Friday, September 22, 2023

Human Vibrations

By Leila Kulpas

Our scavenge for old bottles forgotten
my mother, father and I follow one another
along the river bankin the light of reared-up clouds.

Steps bounce over mulch and moss,
strands of casuarinas brush bare arms,
and low down, on trunks like cement,
cicada shells gape and glint.
Embossed with the creature's
every ridge, hollow and bump,
even tiny hemispheres of eyes,
my child's mind would shudder
at the thought of the tearing away.

When I unhook the legs,
the spines scratch, as if the empty shells
have come to life, startling my grip.
The breeze snatches them, dances them
round and round. Drops them
in unreachable crannies.
I try holding them tight,
but they crackle into flakes.

Even in our silence,
our reverence, our human vibrations frighten.
Every few feet, a water dragon
plunges into the stream up ahead.
We hurry, squint through bubbles,
glimpse its shadow.
Drifting, sinking.

The Snail, The Rooster

By Maurizio Brancaleoni

after the rain —
the saved snail
extends its horns

dawn in the suburbs —
the rooster crows
as in olden times


by Chen-ou Liu

alone with the sound
of water flowing over rocks ...
this childhood river

Zen Garden
a dragonfly's wings pat
the morning sunlight

eye of the hurricane
alone in the dark I look
into my life

Monday, September 4, 2023

Lost At Sea

By Ceri Marriott

Slave, migrant, refugee
Forced to sea, to leave
An oft-loved land of birth,
A cherished family, and dear friends -
What choice for many
On this ill-apportioned earth,
Exploitation and abuse
Still over and above free will;
And while the politicians spout their stuff,
And crooked exploiters make their bucks,
The humble fisherman
Nets not fish, instead dead children, babies are his catch
To huge, but shortlived outcry,
And a sickening racket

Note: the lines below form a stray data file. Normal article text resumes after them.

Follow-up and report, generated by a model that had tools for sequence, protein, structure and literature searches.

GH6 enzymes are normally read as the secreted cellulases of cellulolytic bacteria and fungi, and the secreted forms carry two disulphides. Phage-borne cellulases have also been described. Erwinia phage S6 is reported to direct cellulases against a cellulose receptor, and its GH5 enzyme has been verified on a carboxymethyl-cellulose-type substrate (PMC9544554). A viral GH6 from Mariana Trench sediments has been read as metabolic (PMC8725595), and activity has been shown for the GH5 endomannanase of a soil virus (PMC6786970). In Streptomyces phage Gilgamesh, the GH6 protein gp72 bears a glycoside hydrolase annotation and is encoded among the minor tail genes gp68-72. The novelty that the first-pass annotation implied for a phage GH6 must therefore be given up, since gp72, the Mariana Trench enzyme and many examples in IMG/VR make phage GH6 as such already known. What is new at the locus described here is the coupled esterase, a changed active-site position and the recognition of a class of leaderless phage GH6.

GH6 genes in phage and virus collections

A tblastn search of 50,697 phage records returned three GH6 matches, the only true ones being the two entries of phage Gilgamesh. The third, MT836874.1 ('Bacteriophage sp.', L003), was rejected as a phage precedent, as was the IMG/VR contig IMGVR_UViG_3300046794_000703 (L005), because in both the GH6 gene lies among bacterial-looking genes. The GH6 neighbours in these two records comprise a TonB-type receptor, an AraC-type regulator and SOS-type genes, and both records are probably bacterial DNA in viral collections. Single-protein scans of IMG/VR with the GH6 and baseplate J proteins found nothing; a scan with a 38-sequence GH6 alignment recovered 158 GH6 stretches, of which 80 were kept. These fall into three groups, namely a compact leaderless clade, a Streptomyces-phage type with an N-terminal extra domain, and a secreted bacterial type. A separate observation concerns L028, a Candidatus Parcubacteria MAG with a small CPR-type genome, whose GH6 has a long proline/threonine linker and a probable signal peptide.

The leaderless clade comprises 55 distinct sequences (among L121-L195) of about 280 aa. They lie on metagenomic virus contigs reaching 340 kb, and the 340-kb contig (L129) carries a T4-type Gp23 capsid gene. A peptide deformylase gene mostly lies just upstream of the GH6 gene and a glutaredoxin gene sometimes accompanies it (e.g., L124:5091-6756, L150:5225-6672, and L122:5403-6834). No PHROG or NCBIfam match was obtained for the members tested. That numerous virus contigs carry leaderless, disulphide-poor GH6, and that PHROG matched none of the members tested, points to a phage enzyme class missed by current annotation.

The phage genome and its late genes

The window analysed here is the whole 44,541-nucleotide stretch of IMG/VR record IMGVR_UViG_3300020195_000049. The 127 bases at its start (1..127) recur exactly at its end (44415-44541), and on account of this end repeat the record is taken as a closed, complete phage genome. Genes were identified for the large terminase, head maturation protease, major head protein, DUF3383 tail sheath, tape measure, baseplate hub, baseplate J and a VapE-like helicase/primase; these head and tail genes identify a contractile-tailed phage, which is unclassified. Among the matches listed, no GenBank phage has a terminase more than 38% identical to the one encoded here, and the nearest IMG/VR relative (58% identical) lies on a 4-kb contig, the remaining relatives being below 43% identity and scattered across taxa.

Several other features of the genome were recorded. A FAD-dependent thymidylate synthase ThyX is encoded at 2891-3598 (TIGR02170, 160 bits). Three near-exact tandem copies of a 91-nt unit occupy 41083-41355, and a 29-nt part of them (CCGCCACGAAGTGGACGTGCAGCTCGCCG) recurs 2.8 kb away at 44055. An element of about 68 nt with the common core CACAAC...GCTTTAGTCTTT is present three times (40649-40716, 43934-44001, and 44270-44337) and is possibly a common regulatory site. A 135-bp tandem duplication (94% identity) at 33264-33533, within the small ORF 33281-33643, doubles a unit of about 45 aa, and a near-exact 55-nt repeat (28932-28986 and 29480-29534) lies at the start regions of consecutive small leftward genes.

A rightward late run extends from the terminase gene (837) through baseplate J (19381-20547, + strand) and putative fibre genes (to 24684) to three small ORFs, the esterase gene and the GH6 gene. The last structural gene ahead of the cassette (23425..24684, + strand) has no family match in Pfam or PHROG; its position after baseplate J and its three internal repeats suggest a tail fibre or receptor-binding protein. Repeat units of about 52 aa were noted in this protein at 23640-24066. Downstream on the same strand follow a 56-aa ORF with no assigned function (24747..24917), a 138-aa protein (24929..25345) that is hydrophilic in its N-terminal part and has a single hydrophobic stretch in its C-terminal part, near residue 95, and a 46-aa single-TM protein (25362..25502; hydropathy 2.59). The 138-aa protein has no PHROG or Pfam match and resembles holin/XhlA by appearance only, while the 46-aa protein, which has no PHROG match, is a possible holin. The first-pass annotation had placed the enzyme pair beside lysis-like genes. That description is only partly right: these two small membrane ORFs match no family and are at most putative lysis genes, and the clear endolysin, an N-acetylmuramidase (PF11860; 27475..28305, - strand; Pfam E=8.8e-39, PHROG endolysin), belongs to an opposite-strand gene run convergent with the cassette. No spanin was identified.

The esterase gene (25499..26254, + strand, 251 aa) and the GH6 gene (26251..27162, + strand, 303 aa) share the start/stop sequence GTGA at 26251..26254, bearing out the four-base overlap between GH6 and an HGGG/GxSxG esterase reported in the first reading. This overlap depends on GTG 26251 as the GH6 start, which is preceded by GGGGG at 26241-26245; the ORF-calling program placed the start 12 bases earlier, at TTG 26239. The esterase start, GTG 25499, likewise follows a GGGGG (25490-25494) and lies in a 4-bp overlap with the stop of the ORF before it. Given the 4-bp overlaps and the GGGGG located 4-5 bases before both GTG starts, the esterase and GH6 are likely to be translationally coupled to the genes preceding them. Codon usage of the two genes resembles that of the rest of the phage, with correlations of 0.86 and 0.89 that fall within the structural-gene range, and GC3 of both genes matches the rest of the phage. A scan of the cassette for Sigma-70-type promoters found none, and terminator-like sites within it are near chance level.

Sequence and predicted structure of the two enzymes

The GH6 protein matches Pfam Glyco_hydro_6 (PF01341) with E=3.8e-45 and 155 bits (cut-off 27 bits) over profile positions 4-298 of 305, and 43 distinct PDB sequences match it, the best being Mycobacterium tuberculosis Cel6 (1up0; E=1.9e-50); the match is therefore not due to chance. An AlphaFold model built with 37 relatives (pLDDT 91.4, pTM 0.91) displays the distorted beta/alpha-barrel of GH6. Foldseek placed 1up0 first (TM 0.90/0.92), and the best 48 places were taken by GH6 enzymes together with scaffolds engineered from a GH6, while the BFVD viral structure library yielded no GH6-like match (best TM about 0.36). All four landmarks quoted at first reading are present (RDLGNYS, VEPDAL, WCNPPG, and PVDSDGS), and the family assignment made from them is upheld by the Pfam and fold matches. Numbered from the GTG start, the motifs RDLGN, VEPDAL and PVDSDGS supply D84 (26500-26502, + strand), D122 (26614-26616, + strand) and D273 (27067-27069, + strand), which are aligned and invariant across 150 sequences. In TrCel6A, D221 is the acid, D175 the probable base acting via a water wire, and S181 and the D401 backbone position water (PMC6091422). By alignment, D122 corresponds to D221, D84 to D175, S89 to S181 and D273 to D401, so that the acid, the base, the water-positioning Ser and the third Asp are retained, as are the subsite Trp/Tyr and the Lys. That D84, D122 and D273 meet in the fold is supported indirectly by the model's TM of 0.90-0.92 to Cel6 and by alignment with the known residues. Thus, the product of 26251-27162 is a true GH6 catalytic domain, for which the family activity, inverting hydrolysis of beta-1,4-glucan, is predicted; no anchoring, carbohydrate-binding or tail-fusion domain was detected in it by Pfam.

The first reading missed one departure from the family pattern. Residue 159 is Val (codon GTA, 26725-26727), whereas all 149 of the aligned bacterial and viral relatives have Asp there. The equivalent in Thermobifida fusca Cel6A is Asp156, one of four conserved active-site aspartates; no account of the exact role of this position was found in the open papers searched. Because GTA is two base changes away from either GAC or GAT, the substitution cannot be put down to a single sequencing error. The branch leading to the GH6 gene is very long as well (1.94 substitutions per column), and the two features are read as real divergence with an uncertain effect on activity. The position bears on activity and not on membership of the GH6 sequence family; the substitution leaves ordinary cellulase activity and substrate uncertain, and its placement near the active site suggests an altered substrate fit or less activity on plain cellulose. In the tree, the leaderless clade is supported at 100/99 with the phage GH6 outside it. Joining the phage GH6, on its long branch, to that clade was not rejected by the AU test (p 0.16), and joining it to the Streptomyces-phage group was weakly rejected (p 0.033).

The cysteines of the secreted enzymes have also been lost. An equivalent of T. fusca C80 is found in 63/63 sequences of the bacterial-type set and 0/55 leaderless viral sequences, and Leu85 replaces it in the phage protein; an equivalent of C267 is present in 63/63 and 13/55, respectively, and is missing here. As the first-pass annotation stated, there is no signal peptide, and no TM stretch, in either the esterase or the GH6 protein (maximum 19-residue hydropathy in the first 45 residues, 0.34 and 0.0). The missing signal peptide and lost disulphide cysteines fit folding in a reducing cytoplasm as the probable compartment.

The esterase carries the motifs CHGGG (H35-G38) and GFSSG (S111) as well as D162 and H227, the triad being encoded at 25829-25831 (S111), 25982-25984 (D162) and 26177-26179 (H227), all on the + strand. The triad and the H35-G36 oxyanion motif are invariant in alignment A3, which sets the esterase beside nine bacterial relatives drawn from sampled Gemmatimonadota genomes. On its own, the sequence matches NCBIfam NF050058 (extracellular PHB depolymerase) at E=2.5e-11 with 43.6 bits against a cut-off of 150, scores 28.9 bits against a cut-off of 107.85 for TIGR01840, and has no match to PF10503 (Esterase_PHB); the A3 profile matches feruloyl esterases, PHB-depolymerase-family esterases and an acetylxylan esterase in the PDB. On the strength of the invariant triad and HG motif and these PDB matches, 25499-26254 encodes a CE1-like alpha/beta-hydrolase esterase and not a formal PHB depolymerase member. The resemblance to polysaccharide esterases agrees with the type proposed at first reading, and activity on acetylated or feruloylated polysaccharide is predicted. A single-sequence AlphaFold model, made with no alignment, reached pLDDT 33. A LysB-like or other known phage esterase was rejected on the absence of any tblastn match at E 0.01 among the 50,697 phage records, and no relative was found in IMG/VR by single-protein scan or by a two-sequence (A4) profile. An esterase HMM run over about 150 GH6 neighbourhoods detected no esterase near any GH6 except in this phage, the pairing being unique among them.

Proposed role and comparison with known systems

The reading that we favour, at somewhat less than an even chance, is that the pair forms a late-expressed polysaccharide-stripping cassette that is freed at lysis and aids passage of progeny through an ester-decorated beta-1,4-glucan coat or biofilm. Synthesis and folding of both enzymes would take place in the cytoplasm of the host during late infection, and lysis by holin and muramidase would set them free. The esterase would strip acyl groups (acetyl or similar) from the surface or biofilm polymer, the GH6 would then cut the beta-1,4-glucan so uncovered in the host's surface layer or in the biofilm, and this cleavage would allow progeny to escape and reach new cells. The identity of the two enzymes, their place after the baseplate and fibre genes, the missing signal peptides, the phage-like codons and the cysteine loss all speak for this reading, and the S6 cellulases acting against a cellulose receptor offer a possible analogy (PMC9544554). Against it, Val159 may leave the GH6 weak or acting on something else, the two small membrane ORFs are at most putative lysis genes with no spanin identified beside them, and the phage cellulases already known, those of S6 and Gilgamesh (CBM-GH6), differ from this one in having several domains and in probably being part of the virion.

Which stirs again the cruel fuel
Of endless profiteering.

River Thames

By C.X. Turner

frost fairs
on the River Thames
roasting oxen

Pine Creek

 By Katharine Cristiani

800 years of Eastern Hemlocks

a cathedral of giants

until an insect 

rolled as forest fire 

charred the life out,     

centuries of canopies disappeared

August 2019 - Pennsylvania Mountain Laurel 

evergreen jewels 

except when drought 

sucks the jade out, wilted

brown-spotted, dying

March 2020 - Sycamores

white parchment rips

torn scrolls fall

wind storms extract roots 

teeth dangle from gums

July 2021 - Red Pine

burgundy mosaic bark 

cradles the forest 

soft needles crown the sun,

the chaperones of Pine Creek

watchers of clear water

of the black flies 

     who float with trout 


August 2022 - Blue Heron 

raises its leg 


the S of its neck

stabs beak into trout

June 6, 2023 - Deer

choke at dawn

when a dry peach rises 

against gray

poisoned dandelion seeds 

blown into orange haze

Sunday, September 3, 2023

Untitled Transalations II

By Stephen A. ROzwenc 


Mai ia manawa mai
ʻO ka ʻalani
ʻAʻohe mea i moeʻuhane maikaʻi

Ever since
The watermelon
Nothing has dreamed better

Untitled Translations I

By Stephen A. Rozwenc


Vuelos de colibrí
Abrir la cremallera
Nada sublime

Hummingbird flights
Sublime nothingness

Splash Of Intuition

By Jean Janicke

From a distance all is calm
at this stretch of the Hughes River.